Portable thoughts is a website built using a single HTML file.

It simply uses URL #fragments and the :target CSS selector to show and hide “pages”. The result is a self-contained website, digital book, interactive document, or whatever you want to call it.

So, you have a single HTML file that contains everything and is easily navigable without any JavaScript by just showing and hiding sections via CSS. This is smart.

I don’t know what I’m going to use this idea yet, but it will be useful one day.



A deep dive into an NSO zero-click iMessage exploit: Remote Code Execution

The whole thing is fascinating, but this part just blows my mind. Very smart and really terrifying.

JBIG2 doesn’t have scripting capabilities, but when combined with a vulnerability, it does have the ability to emulate circuits of arbitrary logic gates operating on arbitrary memory. So why not just use that to build your own computer architecture and script that!? That’s exactly what this exploit does. Using over 70,000 segment commands defining logical bit operations, they define a small computer architecture with features such as registers and a full 64-bit adder and comparator which they use to search memory and perform arithmetic operations. It’s not as fast as Javascript, but it’s fundamentally computationally equivalent.

The bootstrapping operations for the sandbox escape exploit are written to run on this logic circuit and the whole thing runs in this weird, emulated environment created out of a single decompression pass through a JBIG2 stream. It’s pretty incredible, and at the same time, pretty terrifying.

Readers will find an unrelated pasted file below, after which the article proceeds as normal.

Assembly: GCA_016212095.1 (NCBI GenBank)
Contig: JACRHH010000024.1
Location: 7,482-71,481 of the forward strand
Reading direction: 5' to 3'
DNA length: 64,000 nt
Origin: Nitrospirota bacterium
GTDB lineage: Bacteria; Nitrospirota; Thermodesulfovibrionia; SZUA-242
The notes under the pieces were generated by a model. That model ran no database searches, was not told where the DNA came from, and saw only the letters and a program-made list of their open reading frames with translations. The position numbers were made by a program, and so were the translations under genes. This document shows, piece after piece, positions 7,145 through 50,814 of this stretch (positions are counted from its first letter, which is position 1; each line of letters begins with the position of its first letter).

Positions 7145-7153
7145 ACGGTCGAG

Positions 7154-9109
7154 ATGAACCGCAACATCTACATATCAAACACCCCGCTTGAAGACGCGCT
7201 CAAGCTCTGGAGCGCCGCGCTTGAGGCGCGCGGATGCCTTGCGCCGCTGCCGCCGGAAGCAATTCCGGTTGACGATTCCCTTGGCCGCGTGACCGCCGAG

Donald Trump’s ‘social media platform’ has launched and it’s just a blog

The new “platform” is styled like a generic version of Twitter but hosted as a running blog of commentary from Trump. People can sign up for post alerts on the platform through their email and phone numbers and are allegedly able to like them, although that function doesn’t appear to work as of publication. Users are also allowed to share Trump’s posts on Facebook and Twitter. The Twitter sharing option doesn’t currently work, but Facebook’s does allow people to share Trump’s posts.

I don’t like Trump, but the good thing is that everybody can have a blog.


Snapdrop is a great tool to have on your tool belt when you want to “airdrop” something to non-Apple platforms. It is P2P, so your files won’t be sent to a server.


Remote work is not local work at a distance

Jason Fried wrote a post about doing remote work, with the expectations of local employment. This post resonated with me very well since I had a couple of weird interviews lately. Just a side note: yes, I quit my current job as a Ruby backend developer at TerraCycle about three weeks ago, and I’ll start working as a frontend developer/product designer at Nearcut on March 10th.

There are still companies that refuse to accept that remote work is a viable alternative. They want you to be in the office because “this is what we did before the pandemic, and everything should be back to normal soon.” No, nothing will be like before, and companies should embrace that, not deny it.

Not everyone’s like that. Even big ones consider remote work a viable alternative but don’t have the hiring process and experience to work like that, so they’re relying on old habits.

The enlightened companies coming out of this pandemic will be the ones that figured out the right way to work remotely. They’ll have stopped trying to make remote look like local. They’ll have discovered that remote work means more autonomy, more trust, more uninterrupted stretches of time, smaller teams, more independent, concurrent work (and less dependent, sequenced work).